On her album Freedom Highway, Rhiannon Giddens offers a gathering of songs she has written and songs she's chosen which invite the reflection and asking good questions -- of oneself and of others -- which go along with times of uncertainty and change. What do we do about all this? The title character in the song Julie, a slave as the Civil War is ending, has her own answer to that. A different woman finds different questions but, perhaps, related answers in At the Purchaser's Option. Better Get It Right the First Time will ask hearers their own questions. Mysticism and history find their way in to When We Could Fly, and Baby Boy is a lullaby with its own assurance and it own questions.
Giddens grew up in the Piedmont of North Carolina. She studied opera at Oberlin, and was a founding member of the Grammy winning African American roots band Carolina Chocolate Drops. She's explored musical connections between southern roots and blues music and Irish music. All of that weaves into the background of Freedom Highway, which Giddens traveled to Louisiana to record with the assistance of producer Dirk Powell.
Karine Polwart comes from Scotland. In her music, she draws on traditional elements and speaks to contemporary concerns. Before she went full time into music, Polwart studied history, politics, and philosophy at university, and worked in a school setting as a philosophy tutor and later for an aid organization as a social worker.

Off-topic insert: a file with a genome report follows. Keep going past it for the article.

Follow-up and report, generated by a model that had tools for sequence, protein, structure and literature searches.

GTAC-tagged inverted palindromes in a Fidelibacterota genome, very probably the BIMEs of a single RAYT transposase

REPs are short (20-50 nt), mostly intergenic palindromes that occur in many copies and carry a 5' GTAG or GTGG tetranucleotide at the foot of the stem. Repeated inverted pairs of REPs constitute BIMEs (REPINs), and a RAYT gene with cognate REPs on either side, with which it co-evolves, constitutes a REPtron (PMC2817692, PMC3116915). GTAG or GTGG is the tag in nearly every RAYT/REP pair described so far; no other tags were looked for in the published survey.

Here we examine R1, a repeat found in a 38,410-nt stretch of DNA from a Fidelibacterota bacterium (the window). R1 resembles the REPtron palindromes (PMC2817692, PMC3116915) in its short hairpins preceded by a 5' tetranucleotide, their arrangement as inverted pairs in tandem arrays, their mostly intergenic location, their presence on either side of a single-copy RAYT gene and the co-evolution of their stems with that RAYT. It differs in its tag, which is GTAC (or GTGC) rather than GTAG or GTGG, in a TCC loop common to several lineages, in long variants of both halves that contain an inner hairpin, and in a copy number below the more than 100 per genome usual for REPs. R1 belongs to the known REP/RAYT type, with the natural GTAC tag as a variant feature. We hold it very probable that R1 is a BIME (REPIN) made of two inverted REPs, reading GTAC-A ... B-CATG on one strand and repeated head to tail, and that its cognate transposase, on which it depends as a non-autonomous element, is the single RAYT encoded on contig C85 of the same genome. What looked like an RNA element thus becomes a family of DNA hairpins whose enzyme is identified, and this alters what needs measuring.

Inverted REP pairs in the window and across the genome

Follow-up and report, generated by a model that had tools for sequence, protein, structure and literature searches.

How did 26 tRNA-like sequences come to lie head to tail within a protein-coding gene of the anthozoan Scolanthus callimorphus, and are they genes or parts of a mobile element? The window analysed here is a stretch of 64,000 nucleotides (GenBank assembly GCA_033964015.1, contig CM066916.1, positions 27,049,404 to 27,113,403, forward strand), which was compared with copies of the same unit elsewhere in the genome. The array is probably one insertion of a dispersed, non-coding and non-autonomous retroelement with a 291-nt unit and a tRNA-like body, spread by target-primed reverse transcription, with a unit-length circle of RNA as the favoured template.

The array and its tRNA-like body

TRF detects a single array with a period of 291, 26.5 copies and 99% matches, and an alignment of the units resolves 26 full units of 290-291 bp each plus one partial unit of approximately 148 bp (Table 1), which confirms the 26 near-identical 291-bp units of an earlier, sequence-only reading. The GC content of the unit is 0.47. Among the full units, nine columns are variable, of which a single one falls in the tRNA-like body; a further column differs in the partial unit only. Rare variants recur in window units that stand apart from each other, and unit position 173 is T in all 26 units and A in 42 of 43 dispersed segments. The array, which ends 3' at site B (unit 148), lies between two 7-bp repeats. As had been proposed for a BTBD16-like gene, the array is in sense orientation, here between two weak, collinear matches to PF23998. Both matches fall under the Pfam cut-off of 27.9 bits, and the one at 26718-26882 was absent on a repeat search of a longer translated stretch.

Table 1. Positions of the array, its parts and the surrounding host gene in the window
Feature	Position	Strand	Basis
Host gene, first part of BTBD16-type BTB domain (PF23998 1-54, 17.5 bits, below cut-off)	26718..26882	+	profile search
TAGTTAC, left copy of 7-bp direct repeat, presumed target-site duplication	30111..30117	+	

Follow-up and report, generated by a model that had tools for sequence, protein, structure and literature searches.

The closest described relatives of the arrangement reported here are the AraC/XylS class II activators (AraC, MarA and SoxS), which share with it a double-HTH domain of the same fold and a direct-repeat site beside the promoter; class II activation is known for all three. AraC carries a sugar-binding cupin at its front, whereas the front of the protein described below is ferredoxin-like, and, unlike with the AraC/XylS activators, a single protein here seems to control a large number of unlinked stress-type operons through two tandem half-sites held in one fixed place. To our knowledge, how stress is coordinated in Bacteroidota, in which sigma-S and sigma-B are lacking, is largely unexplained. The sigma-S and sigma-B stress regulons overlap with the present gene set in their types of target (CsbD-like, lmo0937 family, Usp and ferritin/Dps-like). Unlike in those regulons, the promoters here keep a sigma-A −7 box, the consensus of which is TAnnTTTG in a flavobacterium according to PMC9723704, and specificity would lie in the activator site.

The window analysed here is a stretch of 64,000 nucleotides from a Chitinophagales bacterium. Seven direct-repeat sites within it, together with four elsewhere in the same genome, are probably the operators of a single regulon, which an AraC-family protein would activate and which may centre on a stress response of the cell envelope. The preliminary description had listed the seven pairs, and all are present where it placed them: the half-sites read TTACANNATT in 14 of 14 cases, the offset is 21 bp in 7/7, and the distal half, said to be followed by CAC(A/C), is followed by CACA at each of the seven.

Each of those things continues to provide sources for her songwriting. On her recording Traces, there is a song inspired by the Occupy London movement which draws in the architecture of Saint Paul's Cathedral. The murder of 11 year old Susan Maxwell is the subject of the song Half a Mile. Other songs take on aging, change, love, and The Grangemouth Refinery, among other subjects. Polwart's songs are not polemics or rants: rather they often make their subjects clear by poetic indirection in language. Another song on Traces has to do with the alteration of nature, landscape, and lives in Aberdeenshire in northeastern Scotland caused by the development of an executive golf resort by Trump International. The song is called Cover Your Eyes.
That song draws on history, community, landscape, and story in ways that suggest, at times, the calling on an ancient spell. It is a song which was written several years ago. Thinking about the political circumstances in the United States and their connections to Scotland, Polwart wrote another piece. I Burn But I Am Not Consumed also speaks of the natural world. At Celtic Connections in 2017, she performed it as prologue to Cover Your Eyes. At this writing, she has yet to record it. At her site, though, you can read the lyrics, and may be able to view a video of her performing the song at the Celtic Connections concert from a recording made by the BBC.
Indeed, anger only gets you so far when living through change. The hardest questions are sometimes asked, and the best conversations had, through the work of artists.
Kerry Dexter is Music Editor at Wandering Educators. You may reach Kerry at music at wanderingeducators dot com.
You may find more of Kerry's work in National Geographic Traveler, Strings, Perceptive Travel, Journey to Scotland, Irish Fireside, and other places, as well as at her own site, Music Road.